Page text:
3 tips to maintain your financial wellbeing
The rising cost of living is one of the most pressing issues facing many families today. The price of food, energy, fuel and other necessities has risen significantly in recent months. This has made it difficult to make ends meet and has put a strain on many household budgets.
For the past 18 months or so the rising cost of prices has been one of the main topics of conversation in my client meetings.
With high rates of inflation likely to be around for the foreseeable future, it is absolutely essential to factor in how this will impact on the value of your cash savings and your long term goals. Even with interest rates slowly rising, the impact of inflation will still not give your savings a “real return”. When conducting progress meetings with clients this is topic is at the top of my agenda.
One of the most important aspects of financial planning is to have a sufficient amount held in cash to cover emergencies and any planned expenditure in the short term. The value of any long term savings held in cash will simply be eaten away by the affects of inflation.
Planning for the rising cost of living can be a challenge, especially if your income isn’t keeping up with inflation. As many people feel the squeeze as the cost of essential items continue to increase, there are a few important things to consider to maintain your financial wellbeing.
1. Review spending
The rising cost of living can be a real problem, especially if you’re not mindful of your spending. Going through your spending with the finest of tooth combs can help you find areas where you may be able to cut back, and save money in the long run. Keep an eye on your budget and make adjustments as necessary to ensure that you are aware of your outgoing costs and can adapt your spending accordingly. Being able to see exactly where your money’s going will help you to pin down where you can make savings and cuts.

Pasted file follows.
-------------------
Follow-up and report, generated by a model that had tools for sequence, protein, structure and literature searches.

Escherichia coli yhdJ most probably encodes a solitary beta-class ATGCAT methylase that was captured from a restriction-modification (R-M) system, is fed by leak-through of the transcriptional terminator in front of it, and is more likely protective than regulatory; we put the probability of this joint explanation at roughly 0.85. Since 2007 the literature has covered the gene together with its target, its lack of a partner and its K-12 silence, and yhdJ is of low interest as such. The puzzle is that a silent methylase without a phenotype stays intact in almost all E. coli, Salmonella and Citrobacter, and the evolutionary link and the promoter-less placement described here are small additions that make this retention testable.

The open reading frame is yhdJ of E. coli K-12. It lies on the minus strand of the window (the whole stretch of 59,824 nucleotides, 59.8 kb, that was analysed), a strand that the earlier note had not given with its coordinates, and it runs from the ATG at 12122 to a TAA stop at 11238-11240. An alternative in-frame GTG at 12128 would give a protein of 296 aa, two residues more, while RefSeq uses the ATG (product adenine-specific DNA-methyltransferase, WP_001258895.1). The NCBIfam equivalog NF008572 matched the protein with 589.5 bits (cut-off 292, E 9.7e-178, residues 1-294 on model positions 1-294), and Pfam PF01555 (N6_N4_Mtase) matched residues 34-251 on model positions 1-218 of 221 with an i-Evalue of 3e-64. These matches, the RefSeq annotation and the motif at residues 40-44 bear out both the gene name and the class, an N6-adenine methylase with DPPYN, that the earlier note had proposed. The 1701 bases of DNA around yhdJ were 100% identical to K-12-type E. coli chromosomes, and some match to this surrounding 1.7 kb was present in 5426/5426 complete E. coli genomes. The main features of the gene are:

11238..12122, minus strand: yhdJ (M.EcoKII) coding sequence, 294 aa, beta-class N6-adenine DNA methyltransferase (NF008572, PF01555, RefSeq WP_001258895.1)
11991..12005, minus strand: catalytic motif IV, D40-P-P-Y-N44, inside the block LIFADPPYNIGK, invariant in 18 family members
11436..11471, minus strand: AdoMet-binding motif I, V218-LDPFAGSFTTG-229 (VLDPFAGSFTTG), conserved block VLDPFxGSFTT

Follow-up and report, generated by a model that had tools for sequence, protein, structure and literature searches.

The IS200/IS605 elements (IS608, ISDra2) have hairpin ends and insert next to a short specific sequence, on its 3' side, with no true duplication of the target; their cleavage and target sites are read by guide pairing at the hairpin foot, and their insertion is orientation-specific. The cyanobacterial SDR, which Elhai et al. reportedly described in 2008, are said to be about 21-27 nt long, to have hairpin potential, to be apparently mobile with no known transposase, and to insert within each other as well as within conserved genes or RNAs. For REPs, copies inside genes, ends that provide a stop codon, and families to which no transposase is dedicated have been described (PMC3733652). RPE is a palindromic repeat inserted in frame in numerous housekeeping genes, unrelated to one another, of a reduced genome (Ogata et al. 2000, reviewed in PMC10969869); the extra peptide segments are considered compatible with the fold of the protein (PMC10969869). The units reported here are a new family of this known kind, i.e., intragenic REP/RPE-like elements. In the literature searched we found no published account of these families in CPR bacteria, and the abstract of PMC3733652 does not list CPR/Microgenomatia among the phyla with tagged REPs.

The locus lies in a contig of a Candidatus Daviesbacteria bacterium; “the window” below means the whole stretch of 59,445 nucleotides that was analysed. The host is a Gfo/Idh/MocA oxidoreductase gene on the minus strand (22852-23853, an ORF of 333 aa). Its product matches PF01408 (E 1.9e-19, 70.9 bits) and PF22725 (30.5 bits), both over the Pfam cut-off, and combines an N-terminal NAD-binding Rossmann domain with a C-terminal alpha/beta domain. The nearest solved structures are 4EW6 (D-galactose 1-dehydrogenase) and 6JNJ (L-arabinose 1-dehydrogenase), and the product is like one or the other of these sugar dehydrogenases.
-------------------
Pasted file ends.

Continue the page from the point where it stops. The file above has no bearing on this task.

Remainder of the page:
Ask yourself, what’s coming in and going out? Can I get something for cheaper? And (often the hardest of all) do I really need that? Look at the money you have coming into your home – whether that’s just you or with someone else. You want to look at every single thing that’s going out (there may be a lot more than you think).
2. Emergency savings
When it comes to financial security, one of the most important things you can do is to keep emergency savings aside for when you need it. Having a nest egg that you can tap into in times of need can help you weather a storm. One method is to create a dedicated savings account that you only use for this purpose. This way, you can easily access the funds when you need them but they remain out of reach for everyday spending.
Aim to build up enough to cover between 3 to 6 months’ expenses, or as much as you can afford. The best thing to do is make room for your savings in your budget as one of your outgoings. By doing so, it’ll help you see your savings as a must, rather than a must do later. And if you can, set up an automated payment from your normal bank account straight into your savings account – that way you don’t even need to think about it.
3. Pensions and investments
As many people across the country are feeling the squeeze of a cost of living crisis, it’s more important than ever to make sure your finances are in good shape. One way to do this is by making sure you don’t touch your pension or investments. While it may be tempting to dip into these savings to help make ends meet in the short term, it’s important to think about the long-term impact this could have on your retirement plans.
Drawing down on your pension or selling investments could leave you worse off in the long run, so it’s important to consider all of your options before making any decisions. Consolidating your old pensions into one could help you cut down on management fees and give you a better picture of how your finances are looking. But before transferring your pensions it is essential to obtain professional financial advice.